Dove is making similar claims. Cocoapro, the unique blend of chocolate that is found in Dove’s Dark chocolate, provided superior results compared with other brands of dark chocolate when measuring the positive consequences for hearth health.  Dove Dark chocolate, in particular the individually wrapped Promises, provide not only substantial antioxidants but are also a step above the rest in taste, texture and experience. This article’s direct focus on Dove brings to the surface a question that repeats itself over and over when this information is seen in such a context: are these almost “too good to be true” reports of healthy chocolate simply a highly influential marketing ploy staged by chocolate companies or is what we are reading about actually true?


As they often say, “Behind every rumor there is a little bit of truth.”


Or, in this case, a lot of truth.


Throughout the articles and chocolate reviews documented above there was a shocking commonality: documented research.  It is astonishingly easy to find research studies focused on the antioxidant power of dark chocolate and its effect on cardiovascular health.  Specific investigations into the nature and composition of dark chocolate have allowed researchers to give chocolate companies the go-ahead in advertising the positive benefits of antioxidants in dark chocolate.


Research into the manufacturing of chocolate reveals important steps that must be taken in order to preserve the antioxidant benefits associated with dark chocolate.  A review of the techniques that have been implemented in order to increase the palpability of pure cocoa by McShea et. al. (2008) cautions that, due to the lax naming conventions applied to chocolate and dark chocolate, the consumer must be aware that what they are ingesting may or may not contain the beneficial antioxidants they desire.  Still, the research confirms that, when consuming chocolate rich in antioxidants, there are considerable and significant benefits for the vascular system.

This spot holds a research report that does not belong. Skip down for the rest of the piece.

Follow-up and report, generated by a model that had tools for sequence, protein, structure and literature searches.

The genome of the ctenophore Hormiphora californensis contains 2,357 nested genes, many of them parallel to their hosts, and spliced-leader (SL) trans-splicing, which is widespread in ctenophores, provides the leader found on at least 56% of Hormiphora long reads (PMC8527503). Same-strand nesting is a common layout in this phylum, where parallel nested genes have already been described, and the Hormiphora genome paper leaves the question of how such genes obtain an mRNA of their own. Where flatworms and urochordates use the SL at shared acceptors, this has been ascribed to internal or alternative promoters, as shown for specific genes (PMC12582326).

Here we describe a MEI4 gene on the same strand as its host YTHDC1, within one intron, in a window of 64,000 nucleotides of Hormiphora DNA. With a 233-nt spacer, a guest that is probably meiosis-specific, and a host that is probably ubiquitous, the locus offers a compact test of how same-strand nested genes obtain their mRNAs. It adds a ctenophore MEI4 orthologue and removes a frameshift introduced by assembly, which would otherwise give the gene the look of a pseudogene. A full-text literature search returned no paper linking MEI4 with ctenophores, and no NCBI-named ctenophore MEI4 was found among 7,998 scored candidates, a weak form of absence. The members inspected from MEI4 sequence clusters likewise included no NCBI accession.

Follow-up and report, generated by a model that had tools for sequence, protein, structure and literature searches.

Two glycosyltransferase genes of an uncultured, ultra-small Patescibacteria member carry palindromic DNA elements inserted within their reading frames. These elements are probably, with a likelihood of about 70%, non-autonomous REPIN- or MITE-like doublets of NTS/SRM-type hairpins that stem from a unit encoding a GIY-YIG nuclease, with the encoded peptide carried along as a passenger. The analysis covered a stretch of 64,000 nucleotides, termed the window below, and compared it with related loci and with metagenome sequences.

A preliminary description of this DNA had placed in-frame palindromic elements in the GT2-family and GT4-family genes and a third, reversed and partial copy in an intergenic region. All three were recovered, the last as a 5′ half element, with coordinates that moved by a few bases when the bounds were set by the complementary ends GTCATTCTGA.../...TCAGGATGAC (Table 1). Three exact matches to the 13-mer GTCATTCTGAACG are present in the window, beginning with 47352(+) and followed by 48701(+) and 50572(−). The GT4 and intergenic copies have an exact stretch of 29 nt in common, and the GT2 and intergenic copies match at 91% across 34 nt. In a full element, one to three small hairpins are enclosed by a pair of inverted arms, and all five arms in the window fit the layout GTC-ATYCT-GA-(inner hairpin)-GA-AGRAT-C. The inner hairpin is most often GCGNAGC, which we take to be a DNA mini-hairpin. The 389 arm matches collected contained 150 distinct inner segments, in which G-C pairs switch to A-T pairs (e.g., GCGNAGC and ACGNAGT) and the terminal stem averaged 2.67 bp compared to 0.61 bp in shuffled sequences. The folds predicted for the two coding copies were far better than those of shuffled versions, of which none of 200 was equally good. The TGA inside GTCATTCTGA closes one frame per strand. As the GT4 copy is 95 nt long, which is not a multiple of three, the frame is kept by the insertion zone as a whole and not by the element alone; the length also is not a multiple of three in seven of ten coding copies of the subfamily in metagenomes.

Direct investigation into the effect of dark chocolate on cardiovascular disease has been conducted and the results have yielded significant evidence in support of antioxidant benefits. In a study by Erdman et. al. (2008), a double-blind, cross-over study was conducted on 49 volunteers. It investigated the impact of daily consumption of dark chocolate rich in flavanols (antioxidants) upon cholesterol and blood pressure – two highly notable risk factors for cardiovascular disease. The results were highly significant and influential. A 5.3% decrease in LDL-cholesterol (the kind considered “bad”) was measured as well as an 8.2% decrease in systolic blood pressure which lasted over 8 weeks (Erdman et. al. 2008).  This research presents recognizable scientific evidence that the consumption of flavanol-rich chocolate daily can have healthy heart benefits.